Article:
Odor Control and Disinfection

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Dual technology reactor controls odors


Odors from two pump stations in Fort Myers Beach, Fla., were aggravating residents and tourists. Lee County Utilities turned to BioAir Solutions to provide a solution that did not disrupt the scenery or require frequent maintenance and chemicals.



The two-stage EcoPure system handles 1,000 cfm of air containing high concentrations of hydrogen sulfide (H2S) and other organic sewage odors. The unit combines a biotrickling filter of EcoBase plastic media with a carbon polishing stage. Primary treatment occurs in the biotrickling filter with its synthetic media consisting of uniform surface area, flow distribution, and biomass contact time.

Flow channels in the filter eliminate plugging. Controlled air turbulence optimizes mass transfer of inorganic and organic odorous compounds and proliferates the growth of the odor-removing bacteria. Combining activated carbon with the unit’s air purification power extends the carbon life up to 10 times over typical carbon filters for low emissions without high cost.



The compact, quiet reactor removes more than 99.5 percent of H2S and more than 95 percent of all odors in the airstream. Minimal maintenance keeps operating costs low. 856/258-6969; www.bioairsolutions.com.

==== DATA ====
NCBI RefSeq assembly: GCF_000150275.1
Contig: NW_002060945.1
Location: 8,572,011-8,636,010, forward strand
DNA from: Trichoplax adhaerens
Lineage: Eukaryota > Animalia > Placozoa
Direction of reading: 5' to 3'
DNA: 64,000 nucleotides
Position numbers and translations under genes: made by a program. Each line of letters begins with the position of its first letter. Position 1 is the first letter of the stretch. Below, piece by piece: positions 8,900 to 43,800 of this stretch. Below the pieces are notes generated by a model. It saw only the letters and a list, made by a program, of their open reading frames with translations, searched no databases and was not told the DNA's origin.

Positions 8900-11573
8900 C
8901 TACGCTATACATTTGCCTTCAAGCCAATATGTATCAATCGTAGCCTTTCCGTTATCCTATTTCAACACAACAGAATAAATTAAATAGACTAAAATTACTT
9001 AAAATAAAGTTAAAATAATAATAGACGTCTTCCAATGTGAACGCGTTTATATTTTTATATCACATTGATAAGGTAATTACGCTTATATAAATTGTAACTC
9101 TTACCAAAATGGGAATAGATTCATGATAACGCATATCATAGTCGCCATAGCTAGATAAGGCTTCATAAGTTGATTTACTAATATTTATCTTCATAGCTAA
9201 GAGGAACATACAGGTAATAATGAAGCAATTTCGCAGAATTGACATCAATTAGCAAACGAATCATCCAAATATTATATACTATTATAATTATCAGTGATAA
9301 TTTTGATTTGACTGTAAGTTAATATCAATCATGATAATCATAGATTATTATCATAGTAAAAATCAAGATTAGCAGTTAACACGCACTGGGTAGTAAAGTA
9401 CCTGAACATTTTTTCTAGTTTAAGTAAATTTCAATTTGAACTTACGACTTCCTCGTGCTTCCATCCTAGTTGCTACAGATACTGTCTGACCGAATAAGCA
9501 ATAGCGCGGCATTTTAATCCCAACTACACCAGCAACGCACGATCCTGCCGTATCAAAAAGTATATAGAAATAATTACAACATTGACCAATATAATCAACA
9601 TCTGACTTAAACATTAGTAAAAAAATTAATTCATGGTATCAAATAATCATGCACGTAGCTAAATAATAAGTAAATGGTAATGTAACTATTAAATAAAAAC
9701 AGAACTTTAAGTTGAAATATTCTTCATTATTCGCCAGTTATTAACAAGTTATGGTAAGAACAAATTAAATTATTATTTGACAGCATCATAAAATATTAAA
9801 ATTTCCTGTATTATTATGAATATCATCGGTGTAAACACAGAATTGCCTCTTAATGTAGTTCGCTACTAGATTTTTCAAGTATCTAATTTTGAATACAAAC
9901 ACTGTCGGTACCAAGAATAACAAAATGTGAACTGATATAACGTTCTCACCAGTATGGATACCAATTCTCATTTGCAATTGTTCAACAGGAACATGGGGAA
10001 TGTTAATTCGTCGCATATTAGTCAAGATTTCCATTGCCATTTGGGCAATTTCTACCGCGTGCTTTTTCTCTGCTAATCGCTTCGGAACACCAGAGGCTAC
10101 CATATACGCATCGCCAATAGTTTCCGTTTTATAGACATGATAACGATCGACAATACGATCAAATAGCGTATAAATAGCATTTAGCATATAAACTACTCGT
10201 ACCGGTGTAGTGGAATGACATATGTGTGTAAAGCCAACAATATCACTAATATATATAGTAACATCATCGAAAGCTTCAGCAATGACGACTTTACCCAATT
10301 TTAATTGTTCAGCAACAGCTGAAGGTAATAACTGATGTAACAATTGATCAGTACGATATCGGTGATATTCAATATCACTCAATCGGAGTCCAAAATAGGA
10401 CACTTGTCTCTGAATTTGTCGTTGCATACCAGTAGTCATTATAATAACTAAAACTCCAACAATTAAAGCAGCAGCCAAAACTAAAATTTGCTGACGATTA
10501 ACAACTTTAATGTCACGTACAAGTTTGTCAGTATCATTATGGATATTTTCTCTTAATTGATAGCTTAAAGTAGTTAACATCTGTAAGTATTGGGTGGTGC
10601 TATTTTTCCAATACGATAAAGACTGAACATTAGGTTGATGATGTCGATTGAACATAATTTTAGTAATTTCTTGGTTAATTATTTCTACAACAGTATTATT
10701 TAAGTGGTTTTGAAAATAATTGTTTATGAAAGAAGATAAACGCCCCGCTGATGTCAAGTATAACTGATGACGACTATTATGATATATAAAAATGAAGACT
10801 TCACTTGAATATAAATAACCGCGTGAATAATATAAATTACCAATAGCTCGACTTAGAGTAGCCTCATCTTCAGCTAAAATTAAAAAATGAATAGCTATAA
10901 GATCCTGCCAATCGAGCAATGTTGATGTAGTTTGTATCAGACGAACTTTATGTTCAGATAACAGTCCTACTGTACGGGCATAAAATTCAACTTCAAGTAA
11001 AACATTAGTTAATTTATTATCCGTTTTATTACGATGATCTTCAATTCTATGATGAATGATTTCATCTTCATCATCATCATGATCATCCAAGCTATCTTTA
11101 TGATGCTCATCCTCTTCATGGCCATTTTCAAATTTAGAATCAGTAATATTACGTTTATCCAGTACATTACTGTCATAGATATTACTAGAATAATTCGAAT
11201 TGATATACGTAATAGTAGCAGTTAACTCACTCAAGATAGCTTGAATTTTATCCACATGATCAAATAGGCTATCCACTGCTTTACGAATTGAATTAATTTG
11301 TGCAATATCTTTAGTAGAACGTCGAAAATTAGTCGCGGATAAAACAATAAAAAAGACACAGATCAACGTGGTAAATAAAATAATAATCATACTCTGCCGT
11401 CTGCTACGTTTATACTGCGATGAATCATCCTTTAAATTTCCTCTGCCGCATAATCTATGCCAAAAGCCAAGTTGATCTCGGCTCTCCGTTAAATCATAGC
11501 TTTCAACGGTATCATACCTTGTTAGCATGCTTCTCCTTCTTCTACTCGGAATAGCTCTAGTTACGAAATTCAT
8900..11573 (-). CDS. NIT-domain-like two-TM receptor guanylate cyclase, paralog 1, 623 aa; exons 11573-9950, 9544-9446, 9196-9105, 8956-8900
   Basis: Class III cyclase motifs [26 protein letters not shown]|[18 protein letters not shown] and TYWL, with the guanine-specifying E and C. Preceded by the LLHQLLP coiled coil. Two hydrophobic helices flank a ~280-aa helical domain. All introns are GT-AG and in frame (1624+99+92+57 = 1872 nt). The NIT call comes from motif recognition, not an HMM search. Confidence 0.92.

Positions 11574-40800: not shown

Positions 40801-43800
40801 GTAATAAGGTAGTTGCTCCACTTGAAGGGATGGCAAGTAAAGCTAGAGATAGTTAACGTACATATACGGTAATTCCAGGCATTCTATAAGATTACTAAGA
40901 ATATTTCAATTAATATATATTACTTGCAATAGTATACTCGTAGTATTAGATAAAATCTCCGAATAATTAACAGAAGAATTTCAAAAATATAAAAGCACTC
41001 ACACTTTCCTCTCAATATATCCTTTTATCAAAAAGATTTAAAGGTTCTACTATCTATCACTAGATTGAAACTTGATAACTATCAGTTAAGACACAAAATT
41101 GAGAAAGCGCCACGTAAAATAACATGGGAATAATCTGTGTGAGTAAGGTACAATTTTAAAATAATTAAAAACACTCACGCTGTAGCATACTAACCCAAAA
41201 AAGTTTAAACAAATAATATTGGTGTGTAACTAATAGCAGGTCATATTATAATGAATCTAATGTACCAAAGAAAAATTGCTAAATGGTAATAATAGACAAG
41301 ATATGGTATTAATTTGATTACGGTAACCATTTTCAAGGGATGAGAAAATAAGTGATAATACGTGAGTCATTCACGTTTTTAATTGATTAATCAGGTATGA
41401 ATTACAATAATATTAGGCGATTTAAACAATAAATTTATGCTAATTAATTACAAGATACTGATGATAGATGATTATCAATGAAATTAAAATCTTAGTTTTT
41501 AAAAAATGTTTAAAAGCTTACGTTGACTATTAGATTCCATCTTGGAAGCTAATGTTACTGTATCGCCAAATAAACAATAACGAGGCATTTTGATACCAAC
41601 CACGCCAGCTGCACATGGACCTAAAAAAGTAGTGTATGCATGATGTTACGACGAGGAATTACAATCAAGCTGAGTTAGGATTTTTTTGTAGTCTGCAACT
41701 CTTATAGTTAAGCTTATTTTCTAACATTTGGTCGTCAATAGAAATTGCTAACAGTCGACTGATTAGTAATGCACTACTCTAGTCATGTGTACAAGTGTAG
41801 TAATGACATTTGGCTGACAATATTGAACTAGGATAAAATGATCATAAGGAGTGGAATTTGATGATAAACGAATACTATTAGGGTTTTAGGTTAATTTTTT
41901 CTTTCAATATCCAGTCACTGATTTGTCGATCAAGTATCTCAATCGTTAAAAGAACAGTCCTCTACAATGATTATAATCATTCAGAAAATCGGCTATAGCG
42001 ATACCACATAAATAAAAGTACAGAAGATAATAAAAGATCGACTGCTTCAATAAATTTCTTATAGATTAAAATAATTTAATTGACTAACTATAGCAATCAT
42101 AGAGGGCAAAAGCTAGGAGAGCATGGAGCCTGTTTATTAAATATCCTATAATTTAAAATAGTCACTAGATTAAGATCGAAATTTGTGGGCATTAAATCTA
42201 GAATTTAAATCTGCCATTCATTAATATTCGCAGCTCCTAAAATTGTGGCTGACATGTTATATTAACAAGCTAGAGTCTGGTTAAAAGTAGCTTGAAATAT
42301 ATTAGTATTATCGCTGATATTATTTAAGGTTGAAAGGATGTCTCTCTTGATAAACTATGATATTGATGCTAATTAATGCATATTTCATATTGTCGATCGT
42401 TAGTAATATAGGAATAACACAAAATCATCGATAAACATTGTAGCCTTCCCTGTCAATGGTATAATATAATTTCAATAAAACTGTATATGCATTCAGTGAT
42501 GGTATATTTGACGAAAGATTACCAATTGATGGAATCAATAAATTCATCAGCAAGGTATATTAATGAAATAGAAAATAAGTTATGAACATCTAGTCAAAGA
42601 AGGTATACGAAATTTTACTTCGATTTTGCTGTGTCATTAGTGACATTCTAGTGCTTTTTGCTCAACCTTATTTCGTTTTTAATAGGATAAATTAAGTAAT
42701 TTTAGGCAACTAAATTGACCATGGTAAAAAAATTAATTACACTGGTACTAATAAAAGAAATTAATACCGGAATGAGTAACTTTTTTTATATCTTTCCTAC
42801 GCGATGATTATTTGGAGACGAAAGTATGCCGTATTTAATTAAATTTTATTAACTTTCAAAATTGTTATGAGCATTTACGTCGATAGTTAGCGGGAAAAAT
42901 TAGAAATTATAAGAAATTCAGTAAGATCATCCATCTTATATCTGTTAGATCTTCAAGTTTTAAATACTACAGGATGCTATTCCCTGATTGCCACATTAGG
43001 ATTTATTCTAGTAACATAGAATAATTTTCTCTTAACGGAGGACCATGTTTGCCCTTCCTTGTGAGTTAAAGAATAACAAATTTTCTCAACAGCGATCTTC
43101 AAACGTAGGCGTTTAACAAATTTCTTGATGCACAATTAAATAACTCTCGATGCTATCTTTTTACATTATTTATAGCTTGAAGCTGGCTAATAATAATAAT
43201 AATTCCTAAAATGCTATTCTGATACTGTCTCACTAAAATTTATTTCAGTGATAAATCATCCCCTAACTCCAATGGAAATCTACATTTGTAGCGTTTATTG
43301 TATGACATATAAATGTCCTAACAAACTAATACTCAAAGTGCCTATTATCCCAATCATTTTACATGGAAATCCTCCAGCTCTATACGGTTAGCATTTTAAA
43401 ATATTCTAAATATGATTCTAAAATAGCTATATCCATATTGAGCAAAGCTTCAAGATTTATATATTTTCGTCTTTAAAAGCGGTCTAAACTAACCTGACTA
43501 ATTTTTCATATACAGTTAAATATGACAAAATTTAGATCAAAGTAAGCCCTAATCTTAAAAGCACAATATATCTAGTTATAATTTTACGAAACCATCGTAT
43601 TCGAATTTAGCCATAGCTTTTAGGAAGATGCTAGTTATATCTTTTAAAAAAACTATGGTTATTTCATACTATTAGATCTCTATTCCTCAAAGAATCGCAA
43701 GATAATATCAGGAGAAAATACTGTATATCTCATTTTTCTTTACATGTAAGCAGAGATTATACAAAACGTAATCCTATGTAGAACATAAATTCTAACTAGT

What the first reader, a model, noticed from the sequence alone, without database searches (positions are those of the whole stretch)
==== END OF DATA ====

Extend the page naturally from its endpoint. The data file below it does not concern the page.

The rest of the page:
Manatee County solves odor problems


Seasonal odor complaints taxed the staff at the Manatee County (Fla.) Wastewater Treatment and Collection Department, and H2S gas corroded the infrastructure. Initially, the department addressed the complaints on a case-by-case basis, but, “We couldn’t keep up,” says Jim Marble, collections systems superintendent. “We needed to do more testing to achieve optimum performance from our chemicals.”



After working with Siemens Water Technologies, the county outsourced the operation rather than add seasonal personnel. Based on data collected at the site, Siemens Water Technologies Odor Control offered a comprehensive solution of the company’s liquid and vapor products under a single contract. Liquids targeting odor compounds included BIOXIDE, BIOXIDE-AQ, and ODOPHOS/ODO-FREE. Custom-designed feed systems dosed the sewers with them. Vapor technologies included wet scrubbers, biofilters, and carbon adsorption.

BIOXIDE solution reduced dissolved H2S concentrations of more than 50 ppm to less than 0.1 ppm. BIOXIDE-AQ solution, a combination of AQUIT and BIOXIDE solutions, reduced dissolved H2S levels from 50 ppm to less than 0.1 ppm in force mains, wet wells, and gravity interceptors. Aqueous solutions of ferric-ferrous sulfate (ODO-FREE) and ferrous sulfate (ODOPHOS) controlled H2S to 0.50 ppm levels.

Siemens used 12 of its technologies at various sites around the 22 mgd system. It maintained the systems and the county monitored the results. Products and services were billed on a consumption or time basis to eliminate capital cost.



The solution ended consumer complaints and slowed corrosion of the infrastructure. The county calls a single entity to address odor issues. Records indicate that new problems are resolved in less than two weeks and old problems at existing sites within 24 hours. 866/926-8420; www.water.siemens.com.


Biofiltration system removes 99 percent of H2S